I always regretted the fact that my family did not raise me bi-lingual. I understand it though, my Grandparents were first-generation Americans, their parents had immigrated from Poland and Lithuania to find a better life. They wanted their children to be Americans, true and through, so they were only supposed to speak English. They knew how to speak Polish, but they didn't teach their children: my Uncle, Aunt, and Mother. Arguments were in Polish though, so my vocabulary was, well, limited. There were a few phrases, which were also used around the house, but not enough for an understanding of the language.
I spent most of my childhood with my grandparents since my mother had to work long hours. It was a good way to grow up. I had a very privileged opportunity, not only was I exposed to the new, but I was surrounded by the old. I discovered the wonders of radio shows and Model Ts before I found cartoons and Porches. It was amazing and magical, to know how technology had changed the world in only one lifetime.
My Grandfather and I were good chums back then, regular Tom Sawyer and Huckleberry Finn, or as much so as age and adventure would permit. We would go on bike rides together, go to baseball games, and of course go fishing. It was like a ritual every time we went down to the fishing pier; Gramma would say, "Where are you going?" Grandpa would reply, "Tamae Nazat." I'm sure that's not how it's spelled, but it sounded that way.
Being only about seven years old, and not knowing how people ritualize phrases and actions for different circumstances, I always assumed he meant he was going to the fishing pier. I liked going there even if I had already started to dislike fishing. I liked the people there, Grandpa's friends; they knew so much and the sense of comradery was special. I felt like I was one of them. I had a place in their circle, even if it was only as "Joe's boy". Joe being my Grandfather.
I thought it was cool to hear people call him "Joe". At home, we called him "Dad", an honorific denoting his patriarchal standing. Gramma called him "Dad", my Mother, of course, called him "Dad", I even called him "Dad", except when we were at the fishing pier. But to me, he was always Dad, and a good one, as I think back on it all.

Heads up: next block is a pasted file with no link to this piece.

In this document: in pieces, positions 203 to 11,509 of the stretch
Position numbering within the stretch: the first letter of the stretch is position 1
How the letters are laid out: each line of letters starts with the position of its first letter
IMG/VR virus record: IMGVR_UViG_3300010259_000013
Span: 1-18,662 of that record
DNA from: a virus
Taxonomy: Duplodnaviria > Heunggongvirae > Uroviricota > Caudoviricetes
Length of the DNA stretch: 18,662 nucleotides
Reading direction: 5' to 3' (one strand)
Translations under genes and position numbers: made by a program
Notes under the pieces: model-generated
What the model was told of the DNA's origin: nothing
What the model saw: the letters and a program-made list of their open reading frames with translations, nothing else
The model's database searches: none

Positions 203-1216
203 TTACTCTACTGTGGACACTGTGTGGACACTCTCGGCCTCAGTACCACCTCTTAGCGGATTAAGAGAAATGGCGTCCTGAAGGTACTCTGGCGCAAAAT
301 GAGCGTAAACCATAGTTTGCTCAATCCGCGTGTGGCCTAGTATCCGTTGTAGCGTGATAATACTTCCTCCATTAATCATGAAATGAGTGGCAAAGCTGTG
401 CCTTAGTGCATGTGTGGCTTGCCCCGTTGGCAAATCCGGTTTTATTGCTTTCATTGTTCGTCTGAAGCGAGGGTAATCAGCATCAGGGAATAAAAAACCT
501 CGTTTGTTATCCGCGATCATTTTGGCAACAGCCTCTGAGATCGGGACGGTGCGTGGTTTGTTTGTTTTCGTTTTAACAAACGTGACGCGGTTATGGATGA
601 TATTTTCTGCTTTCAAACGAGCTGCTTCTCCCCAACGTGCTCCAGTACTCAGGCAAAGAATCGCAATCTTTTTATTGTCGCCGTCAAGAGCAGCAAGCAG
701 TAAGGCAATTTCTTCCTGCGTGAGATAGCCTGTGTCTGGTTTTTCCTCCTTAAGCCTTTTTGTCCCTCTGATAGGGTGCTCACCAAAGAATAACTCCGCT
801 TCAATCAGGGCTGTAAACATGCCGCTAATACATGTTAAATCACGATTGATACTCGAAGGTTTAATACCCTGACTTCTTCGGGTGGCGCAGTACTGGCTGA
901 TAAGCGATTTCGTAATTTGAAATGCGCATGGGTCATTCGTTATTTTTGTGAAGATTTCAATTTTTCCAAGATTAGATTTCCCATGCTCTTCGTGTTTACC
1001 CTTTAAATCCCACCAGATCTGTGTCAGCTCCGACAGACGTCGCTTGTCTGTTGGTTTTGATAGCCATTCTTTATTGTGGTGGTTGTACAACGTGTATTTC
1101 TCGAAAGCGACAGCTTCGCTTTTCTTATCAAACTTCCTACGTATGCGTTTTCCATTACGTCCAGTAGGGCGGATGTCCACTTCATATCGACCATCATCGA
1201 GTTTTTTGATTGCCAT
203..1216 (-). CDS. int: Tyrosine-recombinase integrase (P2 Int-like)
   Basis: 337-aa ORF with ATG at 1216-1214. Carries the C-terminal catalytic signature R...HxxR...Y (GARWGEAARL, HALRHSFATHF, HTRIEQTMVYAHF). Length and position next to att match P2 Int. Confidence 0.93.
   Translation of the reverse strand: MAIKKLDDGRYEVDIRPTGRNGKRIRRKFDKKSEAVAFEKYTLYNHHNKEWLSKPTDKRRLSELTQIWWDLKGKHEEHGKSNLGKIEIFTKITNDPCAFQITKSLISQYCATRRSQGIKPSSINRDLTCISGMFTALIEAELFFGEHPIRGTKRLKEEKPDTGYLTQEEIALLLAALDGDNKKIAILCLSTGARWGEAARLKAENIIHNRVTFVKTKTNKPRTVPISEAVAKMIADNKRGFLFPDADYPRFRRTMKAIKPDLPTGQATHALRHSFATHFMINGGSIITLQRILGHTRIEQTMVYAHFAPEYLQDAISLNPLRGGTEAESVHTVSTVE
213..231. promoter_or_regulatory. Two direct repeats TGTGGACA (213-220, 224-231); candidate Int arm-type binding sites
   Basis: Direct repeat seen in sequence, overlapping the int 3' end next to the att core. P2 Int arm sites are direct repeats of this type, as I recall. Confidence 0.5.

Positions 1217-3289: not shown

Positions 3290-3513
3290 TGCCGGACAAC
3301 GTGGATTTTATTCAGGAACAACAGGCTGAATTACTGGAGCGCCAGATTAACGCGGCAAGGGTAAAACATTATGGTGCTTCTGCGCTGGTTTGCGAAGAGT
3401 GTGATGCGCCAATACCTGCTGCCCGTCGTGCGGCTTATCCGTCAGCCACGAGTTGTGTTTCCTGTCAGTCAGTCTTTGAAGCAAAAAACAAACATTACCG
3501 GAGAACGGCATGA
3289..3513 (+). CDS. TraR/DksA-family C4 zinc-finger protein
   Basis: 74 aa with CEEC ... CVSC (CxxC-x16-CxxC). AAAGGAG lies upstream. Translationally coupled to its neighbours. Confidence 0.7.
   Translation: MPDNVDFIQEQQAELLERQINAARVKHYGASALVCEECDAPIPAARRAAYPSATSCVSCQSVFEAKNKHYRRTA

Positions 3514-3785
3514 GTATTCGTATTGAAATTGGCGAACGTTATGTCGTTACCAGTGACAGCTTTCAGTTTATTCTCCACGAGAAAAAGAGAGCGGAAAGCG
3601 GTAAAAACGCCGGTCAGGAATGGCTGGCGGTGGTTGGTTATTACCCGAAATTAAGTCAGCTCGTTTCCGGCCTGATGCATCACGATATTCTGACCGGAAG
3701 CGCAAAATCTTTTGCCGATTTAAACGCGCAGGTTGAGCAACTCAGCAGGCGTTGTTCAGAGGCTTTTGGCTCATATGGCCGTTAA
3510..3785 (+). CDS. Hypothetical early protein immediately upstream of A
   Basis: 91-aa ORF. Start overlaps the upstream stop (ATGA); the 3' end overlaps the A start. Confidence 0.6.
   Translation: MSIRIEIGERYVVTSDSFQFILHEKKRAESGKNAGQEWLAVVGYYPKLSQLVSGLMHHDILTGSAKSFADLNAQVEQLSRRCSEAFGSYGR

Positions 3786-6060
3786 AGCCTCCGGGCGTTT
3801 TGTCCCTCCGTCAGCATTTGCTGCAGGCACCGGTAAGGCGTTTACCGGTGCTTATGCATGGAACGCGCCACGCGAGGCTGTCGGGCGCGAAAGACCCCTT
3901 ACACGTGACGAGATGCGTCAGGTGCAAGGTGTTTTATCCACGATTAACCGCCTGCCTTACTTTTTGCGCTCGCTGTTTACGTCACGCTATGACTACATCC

I heard one of his friends call him "Dad" once. It was meant as a joke and we all were amused, except Joe. He flustered and fumed, which made it even funnier.
One day, I heard the usual ritual; "Where are you going?"
"Tamae nazat." The fishing pier I thought, and it being a boring afternoon, I thought it would be a good change of pace. "Can I go to Tamae Nazat, too?" My Grandparents both looked at me and laughed. I didn't understand. "What's so funny?"
"Tamae nazat isn't a place, boy. It means 'to go there and back again'."
"Why didn't anyone ever tell me that?" I managed to fluster out.
"We thought you knew."
Unfortunately, I still haven't learned Polish. Someday, I keep telling myself, someday, I'll know.
The story used to end there. This was my Grandfather’s favorite story, I think he liked his little bit of fame, but more so he liked the parental relationship we rediscovered.
When my son was born, Joe would occasionally call him by my name. Joe would become embarrassed and upset about his age and bad memory but, I didn’t mind, it gave me an opportunity to see how he was when I was just a baby. Not many people can experience that. I felt so proud to be Father and even better to have the man who raised me to be proud of how I was doing.
I had an opportunity to write another story about Joe: I had to write his eulogy. It really was the most difficult thing I ever wrote because I wasn’t just eulogizing my Grandfather, he raised me, he was my Dad in that respect, and to make it even harder, he was also my best friend. I did at least manage to learn one new phrase in Polish by then: Ya kohum chiebe, Gedig; I love you, Grandpa.